Adam Graham's Blog: Christians and Superheroes - Posts Tagged "secret-wars"

Secret WarsSecret Wars by Jim Shooter

My rating: 4 of 5 stars


When I was growing up, one of the highlights of the baseball season was the Baseball all-star game. Prior to the, "This Time it Counts" campaign, the All-Star game was all about pride and it just meant getting to see your favorite players compete against each other. Everybody had to get in the game, so nobody would get more than 3 at-bats and you'd only see pitchers go for two innings tops. But it was great because the players were the best.

Secret Wars can best be enjoyed if it's viewed as an all-star game with heroes like Spider-man, Captain America, Thor, Iron Man, the Hulk, and three of the Fantastic Four, the X-men, the Wasp, and Hawkeye against villains like Dr. Doom, Doctor Octopus, the Absorbing Man, the Enchantess and Galactus. All those star,, and a lot of them get short-changed, though none worse than Kang the Conqueror.

They're all brought to Battleworld by the Beyonder with the prize of getting their desires if they destroy their enemies. The villains don't need much excuse to attack the heroes, so the battle is on. And we're set up for 300 pages of battles, and of course inter-team bickering.

Secret Wars was written in the 1980s, so there's a lot of weird 80s stuff going on. Tony Stark has decided to become a full time alcoholic and left Iron Man duties to James Rhodes. Monica Rambeau, a black New Orleans police officer is the second Captain Marvel, and Hulk is in a stage of intelligence that slowly begins to diminish throughout the story line.

Among themselves, the heroes fight race wars, and gender wars, and then there's the X-men who show why they're my least favorite superhero team as they whine, complain, and play petty posturing games rather than fighting the villains with Charles Xavier trying to subvert Storm as leader of the X-men.

The battles were fine, but overall, the heroes failed to impress. Some heroes have some great scenes such as Spider-man's battle with Titania, Wolverine almost killing the Molecule Man, and Reed Richards having a surprising meeting with Galactus. But, for the most part, the heroes didn't do much memorable. Throughout the most book, Captain America as the leader of the good guys was mostly indecisive and reactive rather than proactive.

One character saves Secret Wars and it's biggest villain: Dr. Doom. Doom had the foresight to see beyond the Beyonder's game for a far greater prize and in the first Chapter tried to prevent the War for that greater purpose. Only Doom would both the foresight and the pure unadulterated arrogance to achieve what he does in this book and truly Doom is at his audacious best in Secret Wars, and he manages to elevate the story.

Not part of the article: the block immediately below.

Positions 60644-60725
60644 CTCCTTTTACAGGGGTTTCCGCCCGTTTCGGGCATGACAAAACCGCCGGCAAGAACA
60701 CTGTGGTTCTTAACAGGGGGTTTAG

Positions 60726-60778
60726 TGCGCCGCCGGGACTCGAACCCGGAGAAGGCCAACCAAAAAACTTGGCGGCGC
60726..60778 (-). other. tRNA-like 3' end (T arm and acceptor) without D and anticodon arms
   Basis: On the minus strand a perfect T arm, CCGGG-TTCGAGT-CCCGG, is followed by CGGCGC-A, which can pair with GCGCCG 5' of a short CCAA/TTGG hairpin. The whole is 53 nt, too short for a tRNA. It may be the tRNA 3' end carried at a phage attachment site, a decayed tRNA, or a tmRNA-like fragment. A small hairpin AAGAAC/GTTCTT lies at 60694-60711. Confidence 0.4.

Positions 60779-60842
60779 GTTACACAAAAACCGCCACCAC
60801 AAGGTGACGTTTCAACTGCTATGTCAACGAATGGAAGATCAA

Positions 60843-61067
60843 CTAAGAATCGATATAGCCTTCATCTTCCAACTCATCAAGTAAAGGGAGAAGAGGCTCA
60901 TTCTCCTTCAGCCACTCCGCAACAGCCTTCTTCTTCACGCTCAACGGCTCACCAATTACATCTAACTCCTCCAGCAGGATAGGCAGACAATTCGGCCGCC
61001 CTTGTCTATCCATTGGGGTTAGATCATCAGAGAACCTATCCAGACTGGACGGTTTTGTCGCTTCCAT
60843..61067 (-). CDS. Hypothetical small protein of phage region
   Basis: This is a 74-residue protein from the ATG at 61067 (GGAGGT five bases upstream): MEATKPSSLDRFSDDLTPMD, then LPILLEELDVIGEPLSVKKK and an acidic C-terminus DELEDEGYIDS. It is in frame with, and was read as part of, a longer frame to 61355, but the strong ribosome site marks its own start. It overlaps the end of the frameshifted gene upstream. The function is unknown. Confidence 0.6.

In the end, the changes to come out of Secret Wars are relatively minor in the long haul. The most stupid one (Ben Grimm leaving Earth and the Fantastic Four to stay on Battleworld to be replaced by She-hulk) lasted a couple years. The best (Spider-man's black costume) wouldn't be fully developed until the issue was taken up in Amazing Spider-man.

Overall, an okay collection that's raised to a higher level by its villain.



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Published on January 31, 2014 21:23 • 93 views • Tags: marvel, secret-wars
Secret WarsSecret Wars by Jonathan Hickman

My rating: 3 of 5 stars


The book can be summed up simply: great art, underwhelming story. The plot is supposed to be about the birth of a new Marvel Universe and features the declared end of both the Marvel and Ultimate universes. What we get at the end is weak, and more cosmetic changes to fill company goals rather than Crisis on Infinite Earths style reboot.

More importantly, the story we're given has some cool concepts but is often lifeless and illogical. It wasn't unpleasant or a chore to read, but at the end of the day, it was disappointing.







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Published on August 09, 2018 21:50 • 41 views • Tags: jonathan-hickman, secret-wars

Christians and Superheroes

Adam Graham
I'm a Christian who writes superhero fiction (some parody and some serious.)

On this blog, we'll take a look at:

1) Superhero stories
2) Issues of faith in relation to Superhero stories
3) Writing Superhe
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